Teaching: 10 min
Exercises: 10 min
  • How can I use software that other people have written?

  • How can I find out what that software does?

  • Explain what software libraries are and why programmers create and use them.

  • Write programs that import and use libraries from Python’s standard library.

  • Find and read documentation for standard libraries interactively (in the interpreter) and online.

Most of the power of a programming language is in its libraries.

Libraries and modules

A library is a collection of modules, but the terms are often used interchangeably, especially since many libraries only consist of a single module, so don’t worry if you mix them.

A program must import a library module before using it.

import math

print('pi is', math.pi)
print('cos(pi) is', math.cos(math.pi))
pi is 3.141592653589793
cos(pi) is -1.0

Use help to learn about the contents of a library module.

Help on module math:



    The following documentation is automatically generated from the Python
    source files.  It may be incomplete, incorrect or include features that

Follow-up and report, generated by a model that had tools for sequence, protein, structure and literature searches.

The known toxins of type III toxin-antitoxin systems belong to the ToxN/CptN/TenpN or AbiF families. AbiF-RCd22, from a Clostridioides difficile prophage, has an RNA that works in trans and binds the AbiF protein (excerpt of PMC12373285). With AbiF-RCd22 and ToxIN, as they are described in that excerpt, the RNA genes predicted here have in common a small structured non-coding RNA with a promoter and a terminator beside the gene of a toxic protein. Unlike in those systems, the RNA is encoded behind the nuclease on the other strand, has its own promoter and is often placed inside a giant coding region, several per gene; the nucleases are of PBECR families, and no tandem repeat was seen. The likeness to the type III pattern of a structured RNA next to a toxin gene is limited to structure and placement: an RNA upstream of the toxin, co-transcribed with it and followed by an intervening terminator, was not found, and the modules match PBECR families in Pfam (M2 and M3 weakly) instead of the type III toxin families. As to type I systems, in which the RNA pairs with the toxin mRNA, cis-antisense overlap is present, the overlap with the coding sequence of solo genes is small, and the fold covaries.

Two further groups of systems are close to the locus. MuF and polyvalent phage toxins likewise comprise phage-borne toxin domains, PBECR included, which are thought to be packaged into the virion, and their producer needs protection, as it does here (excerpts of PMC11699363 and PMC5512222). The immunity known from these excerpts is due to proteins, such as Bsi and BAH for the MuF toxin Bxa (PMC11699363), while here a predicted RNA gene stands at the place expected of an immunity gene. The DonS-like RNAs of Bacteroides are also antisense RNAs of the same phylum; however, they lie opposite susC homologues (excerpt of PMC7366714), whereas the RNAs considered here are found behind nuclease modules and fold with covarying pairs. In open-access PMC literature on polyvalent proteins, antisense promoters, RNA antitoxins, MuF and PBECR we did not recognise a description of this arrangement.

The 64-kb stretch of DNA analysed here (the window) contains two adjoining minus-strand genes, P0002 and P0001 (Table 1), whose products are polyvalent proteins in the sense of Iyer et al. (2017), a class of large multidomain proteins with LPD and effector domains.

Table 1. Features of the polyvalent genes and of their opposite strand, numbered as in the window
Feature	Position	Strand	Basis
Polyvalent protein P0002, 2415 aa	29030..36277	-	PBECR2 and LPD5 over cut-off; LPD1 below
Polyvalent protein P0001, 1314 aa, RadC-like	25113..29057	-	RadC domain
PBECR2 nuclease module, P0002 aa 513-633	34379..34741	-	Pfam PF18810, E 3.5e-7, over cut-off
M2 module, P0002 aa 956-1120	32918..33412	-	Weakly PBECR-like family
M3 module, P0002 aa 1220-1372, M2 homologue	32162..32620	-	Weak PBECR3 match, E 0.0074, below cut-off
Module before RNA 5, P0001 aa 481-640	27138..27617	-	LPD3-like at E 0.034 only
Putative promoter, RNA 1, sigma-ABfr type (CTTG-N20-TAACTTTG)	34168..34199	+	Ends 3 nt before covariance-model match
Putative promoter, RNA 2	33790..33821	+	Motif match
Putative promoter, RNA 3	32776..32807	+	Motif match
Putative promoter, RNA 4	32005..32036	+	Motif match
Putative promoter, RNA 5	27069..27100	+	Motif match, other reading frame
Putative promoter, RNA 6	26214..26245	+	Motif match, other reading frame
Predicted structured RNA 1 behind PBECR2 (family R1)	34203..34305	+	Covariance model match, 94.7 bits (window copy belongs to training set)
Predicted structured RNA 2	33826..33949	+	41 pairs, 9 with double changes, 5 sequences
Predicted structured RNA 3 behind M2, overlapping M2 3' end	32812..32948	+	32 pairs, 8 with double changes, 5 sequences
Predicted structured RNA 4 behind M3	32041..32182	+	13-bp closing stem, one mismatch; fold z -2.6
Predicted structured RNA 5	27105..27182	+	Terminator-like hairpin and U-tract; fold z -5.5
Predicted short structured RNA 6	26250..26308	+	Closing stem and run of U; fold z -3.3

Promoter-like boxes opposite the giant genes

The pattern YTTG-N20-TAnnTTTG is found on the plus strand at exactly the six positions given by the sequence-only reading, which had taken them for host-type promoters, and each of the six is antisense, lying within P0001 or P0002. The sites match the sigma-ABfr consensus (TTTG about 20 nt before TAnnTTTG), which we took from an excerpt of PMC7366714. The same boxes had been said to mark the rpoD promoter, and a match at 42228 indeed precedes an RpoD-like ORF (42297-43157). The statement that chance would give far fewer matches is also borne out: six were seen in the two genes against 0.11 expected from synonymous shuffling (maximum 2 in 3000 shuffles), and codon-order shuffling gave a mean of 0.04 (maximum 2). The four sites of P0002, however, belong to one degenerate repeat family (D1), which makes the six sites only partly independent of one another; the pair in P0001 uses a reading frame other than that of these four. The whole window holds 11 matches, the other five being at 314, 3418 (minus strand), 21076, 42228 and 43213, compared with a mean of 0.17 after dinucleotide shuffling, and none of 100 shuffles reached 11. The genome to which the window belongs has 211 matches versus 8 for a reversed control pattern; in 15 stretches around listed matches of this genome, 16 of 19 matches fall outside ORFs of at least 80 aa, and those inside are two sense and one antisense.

are considered implementation detail and may vary between Python
    implementations.  When in doubt, consult the module reference at the
    location listed above.

    This module is always available.  It provides access to the
    mathematical functions defined by the C standard.


        Return the arc cosine (measured in radians) of x.
⋮ ⋮ ⋮

Import specific items from a library module to shorten programs.

from math import cos, pi

print('cos(pi) is', cos(pi))
cos(pi) is -1.0

Create an alias for a library module when importing it to shorten programs.

import math as m

print('cos(pi) is', m.cos(m.pi))
cos(pi) is -1.0

Exploring the Math Module

  1. What function from the math module can you use to calculate a square root without using sqrt?
  2. Since the library contains this function, why does sqrt exist?


  1. Using help(math) we see that we’ve got pow(x,y) in addition to sqrt(x)
  2. The sqrt(x) function (like much of the math library) has it’s origins in C’s math library. Consequently, it might be somewhat faster than pow(x,y). Also, it might be more readable than pow(x, 0.5) when implementing equations. However, sqrt(x) doesn’t support negative arguments.

Locating the Right Module

You want to select a random character from a string: